Social Protection in Brazil: Impacts on poverty, inequality and growth

Organization(s): ODI
Author: Jessica Hagen-Zanker, Milo Vandemoortele, Rebecca Holmes
Regions: Latin America
Country: Brazil
Year: 2011
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Brazil is one of the richest countries in the world, with a per capita gross domestic product (GDP) of $10,427 in 2009. Growth rates increased from 1.9% to 5.1% per year from 1998 to 2008. Yet the country also has one of the highest rates of inequality in the world (the Gini coefficient is 54.2), and poverty levels are also high. Over 20% of the population – 40 million people – live under the poverty line and 7% of the population – 13 million people – are extremely poor.

Over the past two decades, however, levels of inequality and poverty have been declining steadily. Between the early 1990s and 2008, the Gini coefficient fell by 5.2 points and the percentage of households living below the poverty line halved. During this same period, notable legislative and programmatic changes were made in the economic and social policy sphere, including increasing the minimum wage and public expenditure on health, education and other social services.

At the same time, Brazil has invested significantly in social protection, and the country now has one of the best-developed systems among middle-income countries, covering approximately 25% of the population. Changes in the past two decades include adapting eligibility criteria and programme design to extend non-contributory pensions – such as the Beneficio de Prestação Continuada, a means-tested disability and old-age pension, and the Previdência Rural, an old-age pension for rural informal sector workers. Meanwhile, cash transfers have been reformed, consolidated and expanded in the form of Bolsa Família, a conditional cash transfer (CCT) targeted at extremely poor households and poor parents with children living at home, which now reaches 12.5 million families. Such changes have contributed to recent reductions in inequality and poverty. The overall cost of non-contributory cash transfers in Brazil is approximately 2.5% of GDP.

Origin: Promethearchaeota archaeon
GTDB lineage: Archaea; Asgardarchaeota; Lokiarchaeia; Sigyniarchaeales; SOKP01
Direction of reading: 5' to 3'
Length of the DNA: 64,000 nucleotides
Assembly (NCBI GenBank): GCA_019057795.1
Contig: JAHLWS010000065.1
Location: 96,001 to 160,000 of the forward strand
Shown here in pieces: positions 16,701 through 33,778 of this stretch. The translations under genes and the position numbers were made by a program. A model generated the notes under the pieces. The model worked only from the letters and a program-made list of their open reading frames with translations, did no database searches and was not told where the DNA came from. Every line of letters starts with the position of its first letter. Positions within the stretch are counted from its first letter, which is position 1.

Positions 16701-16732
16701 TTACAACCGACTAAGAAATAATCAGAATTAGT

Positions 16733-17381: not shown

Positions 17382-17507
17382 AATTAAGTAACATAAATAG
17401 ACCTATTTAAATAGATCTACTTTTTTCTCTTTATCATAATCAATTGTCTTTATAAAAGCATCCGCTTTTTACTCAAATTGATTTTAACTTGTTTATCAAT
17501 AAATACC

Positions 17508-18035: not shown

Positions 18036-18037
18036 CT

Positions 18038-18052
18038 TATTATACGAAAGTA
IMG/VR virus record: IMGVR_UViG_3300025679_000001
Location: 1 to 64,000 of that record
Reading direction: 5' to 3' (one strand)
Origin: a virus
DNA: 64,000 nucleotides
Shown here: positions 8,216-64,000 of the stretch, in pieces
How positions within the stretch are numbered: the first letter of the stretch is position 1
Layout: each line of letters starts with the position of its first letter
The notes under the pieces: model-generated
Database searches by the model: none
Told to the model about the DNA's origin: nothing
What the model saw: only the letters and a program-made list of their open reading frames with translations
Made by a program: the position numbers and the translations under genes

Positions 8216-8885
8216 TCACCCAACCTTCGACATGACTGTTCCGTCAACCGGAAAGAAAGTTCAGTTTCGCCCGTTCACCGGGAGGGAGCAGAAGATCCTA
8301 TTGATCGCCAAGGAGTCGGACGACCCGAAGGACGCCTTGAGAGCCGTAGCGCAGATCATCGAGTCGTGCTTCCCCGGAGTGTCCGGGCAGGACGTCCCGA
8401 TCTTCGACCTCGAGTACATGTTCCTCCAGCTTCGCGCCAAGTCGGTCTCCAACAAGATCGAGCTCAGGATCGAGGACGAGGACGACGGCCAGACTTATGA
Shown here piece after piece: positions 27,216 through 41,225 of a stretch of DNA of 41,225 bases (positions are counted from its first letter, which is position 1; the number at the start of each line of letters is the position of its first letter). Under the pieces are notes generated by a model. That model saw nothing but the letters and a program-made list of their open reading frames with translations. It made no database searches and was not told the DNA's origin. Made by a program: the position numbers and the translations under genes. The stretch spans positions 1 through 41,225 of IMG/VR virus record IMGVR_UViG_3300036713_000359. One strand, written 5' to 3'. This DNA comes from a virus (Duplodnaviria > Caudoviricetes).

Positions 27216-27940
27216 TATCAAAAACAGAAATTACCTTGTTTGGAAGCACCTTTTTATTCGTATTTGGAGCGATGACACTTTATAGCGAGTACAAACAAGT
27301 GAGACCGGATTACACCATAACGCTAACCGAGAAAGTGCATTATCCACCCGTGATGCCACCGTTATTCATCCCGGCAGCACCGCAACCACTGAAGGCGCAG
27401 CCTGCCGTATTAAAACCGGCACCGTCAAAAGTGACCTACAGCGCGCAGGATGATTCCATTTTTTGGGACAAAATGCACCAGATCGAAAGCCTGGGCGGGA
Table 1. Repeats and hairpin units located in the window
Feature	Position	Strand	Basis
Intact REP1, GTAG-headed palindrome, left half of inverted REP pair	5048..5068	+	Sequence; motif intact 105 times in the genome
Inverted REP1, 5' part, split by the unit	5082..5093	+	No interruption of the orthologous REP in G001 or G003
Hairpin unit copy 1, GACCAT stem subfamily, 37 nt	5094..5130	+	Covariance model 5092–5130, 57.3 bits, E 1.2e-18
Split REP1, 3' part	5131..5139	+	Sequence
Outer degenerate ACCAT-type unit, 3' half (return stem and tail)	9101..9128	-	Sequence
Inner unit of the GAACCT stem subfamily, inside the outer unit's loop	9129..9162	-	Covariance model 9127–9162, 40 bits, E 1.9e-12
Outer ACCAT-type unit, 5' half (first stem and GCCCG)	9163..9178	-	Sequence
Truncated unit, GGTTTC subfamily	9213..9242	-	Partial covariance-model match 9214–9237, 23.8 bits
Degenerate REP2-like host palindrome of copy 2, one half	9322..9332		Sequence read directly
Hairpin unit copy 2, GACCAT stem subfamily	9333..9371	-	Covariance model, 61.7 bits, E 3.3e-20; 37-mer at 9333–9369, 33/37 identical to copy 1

Related Key Issues

Universality of protection and effective access

Social protection programmes must be available to all individuals without discrimination of any kind. Universal social protection systems  – those which provide benefits to all residents without conditions – are the best way for States to meet their human rights obligations to ensure that there is no discrimination in the selection of beneficiaries.  Further reading: […]

Related Principles

Universality of Protection

States parties to major human rights instruments related to economic, social and cultural rights such as the International Covenant on Economic, Social and Cultural Rights (ICESCR) have an immediate minimum core obligation to ensure the satisfaction of, at the very least, minimum essential levels of all economic, social and cultural rights such as the right […]

Ensure Meaningful and Effective Participation

Meaningful and effective participation of rights holders must be a key component of any social protection system. This is what builds trust and public support behind schemes and ensures that there is a sense of ownership. The participation of right holders is important during the social protection policy making processes but also as regards the […]

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